With winter in full swing, local ski resorts, as well as those up north and out west, are getting even busier than in months past. According to the US Consumer Product Safety Commission, there were more than 144,000 snow skiing-related injuries treated in hospitals, doctor’s offices, and emergency rooms in 2010. At 148,000, injuries associated with snowboarding were even greater.
FIRST, ENSURE THAT YOU START WITH A PROPER WARM-UP, INCLUDING KEY STRETCHES FOR THE HAMSTRING, QUADRICEPS AND CALF (SHOWN BELOW).
Stand tall with your left foot a few inches in front of your right foot. Bend your left foot so that your toes are facing the sky. Bend your right knee slightly. Lean forward from your hips and rest both palms on top of your right thigh for balance and support. Keep your shoulders relaxed and do not round your lower back. You should feel a mild stretch gradually spread through the back of your leg. Repeat the stretch with
your right leg forward.
Grab your right foot and pull your leg backward until you feel a gentle stretch on the front of your leg. Hold for 15-20 seconds, then switch to the opposite leg. Repeat 2-3 times.
CALF STRETCH (STANDING)
Begin this calf stretch with your hands against a wall and your right leg in front of you as demonstrated. Keep your heel down. Gently move your knee forward over your toes until you feel a stretch in the back of your calf or Achilles tendon. Hold for 15-20 seconds and repeat 2-3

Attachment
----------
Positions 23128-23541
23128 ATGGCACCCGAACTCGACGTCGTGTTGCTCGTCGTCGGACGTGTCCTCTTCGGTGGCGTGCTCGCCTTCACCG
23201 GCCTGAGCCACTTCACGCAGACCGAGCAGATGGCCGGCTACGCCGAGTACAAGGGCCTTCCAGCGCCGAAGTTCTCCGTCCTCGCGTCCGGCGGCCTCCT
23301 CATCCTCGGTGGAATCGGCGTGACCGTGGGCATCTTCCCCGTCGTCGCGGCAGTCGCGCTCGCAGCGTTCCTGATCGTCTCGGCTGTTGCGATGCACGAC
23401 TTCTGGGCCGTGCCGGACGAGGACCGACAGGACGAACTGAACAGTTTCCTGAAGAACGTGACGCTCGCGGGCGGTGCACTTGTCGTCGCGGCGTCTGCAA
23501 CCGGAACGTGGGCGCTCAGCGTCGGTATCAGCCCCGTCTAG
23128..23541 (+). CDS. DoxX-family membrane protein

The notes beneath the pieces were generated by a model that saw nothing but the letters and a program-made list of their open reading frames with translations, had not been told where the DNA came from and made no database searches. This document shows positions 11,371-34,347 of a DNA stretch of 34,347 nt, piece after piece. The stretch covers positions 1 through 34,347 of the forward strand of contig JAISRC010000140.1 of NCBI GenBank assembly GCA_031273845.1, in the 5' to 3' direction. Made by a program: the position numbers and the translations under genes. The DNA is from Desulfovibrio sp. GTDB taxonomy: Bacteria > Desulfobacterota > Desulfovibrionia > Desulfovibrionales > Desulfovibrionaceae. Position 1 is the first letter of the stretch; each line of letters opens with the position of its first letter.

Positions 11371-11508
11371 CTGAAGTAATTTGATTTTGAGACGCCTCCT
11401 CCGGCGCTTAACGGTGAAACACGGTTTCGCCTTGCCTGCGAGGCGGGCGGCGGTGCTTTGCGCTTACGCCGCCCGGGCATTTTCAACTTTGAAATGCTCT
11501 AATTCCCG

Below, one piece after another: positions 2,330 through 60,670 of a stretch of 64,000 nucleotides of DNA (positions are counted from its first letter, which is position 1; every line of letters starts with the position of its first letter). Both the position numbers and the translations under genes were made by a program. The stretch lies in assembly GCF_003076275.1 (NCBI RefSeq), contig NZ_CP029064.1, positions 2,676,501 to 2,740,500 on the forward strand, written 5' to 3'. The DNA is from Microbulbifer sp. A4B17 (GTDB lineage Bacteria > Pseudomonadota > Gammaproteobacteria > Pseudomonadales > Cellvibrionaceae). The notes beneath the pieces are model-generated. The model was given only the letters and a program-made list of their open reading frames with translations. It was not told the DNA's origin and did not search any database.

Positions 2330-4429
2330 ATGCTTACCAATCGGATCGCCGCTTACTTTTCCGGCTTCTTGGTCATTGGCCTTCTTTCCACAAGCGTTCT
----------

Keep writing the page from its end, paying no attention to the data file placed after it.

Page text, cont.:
times, then switch to the opposite leg. AFTER YOU PROPERLY WARM UP, HERE ARE FEW MORE GENERAL RULES OF THUMB TO ENSURE
COMPLETE HEALTH AND SAFETY ON THE SLOPES.
1. Be educated: Take a lesson if you are a beginner skier or snowboarder.
2. Make sure you have the right equipment and clothing and that it’s working properly. Only about 48% of U.S. skiers and snowboarders routinely wear helmets. In terrain parks, wrist guards and elbow and kneepads are also recommended. The use of protective equipment has been associated with a 43% decrease in the rate of head, neck, and face injuries.
3. Always stay in control.
4. Stop in a place that’s safe for both you and others.
5. Whenever starting downhill or merging, look uphill and yield.
6. Observe signs and warnings, and keep off closed trails.
7. Know how to use the lifts safely.
Stay warm and have fun this winter season enjoying the great outdoors!
If you do experience pain or an injury that continues throughout the day or weekend, you are welcome to utilize CPRS’ FREE
screenings. You can be assessed by a licensed physical therapist and given a recommendation based on the findings such as:
follow up with your physician, try a home exercise program, or start physical therapy. Appointments are made within 24-48
hours of phone call.
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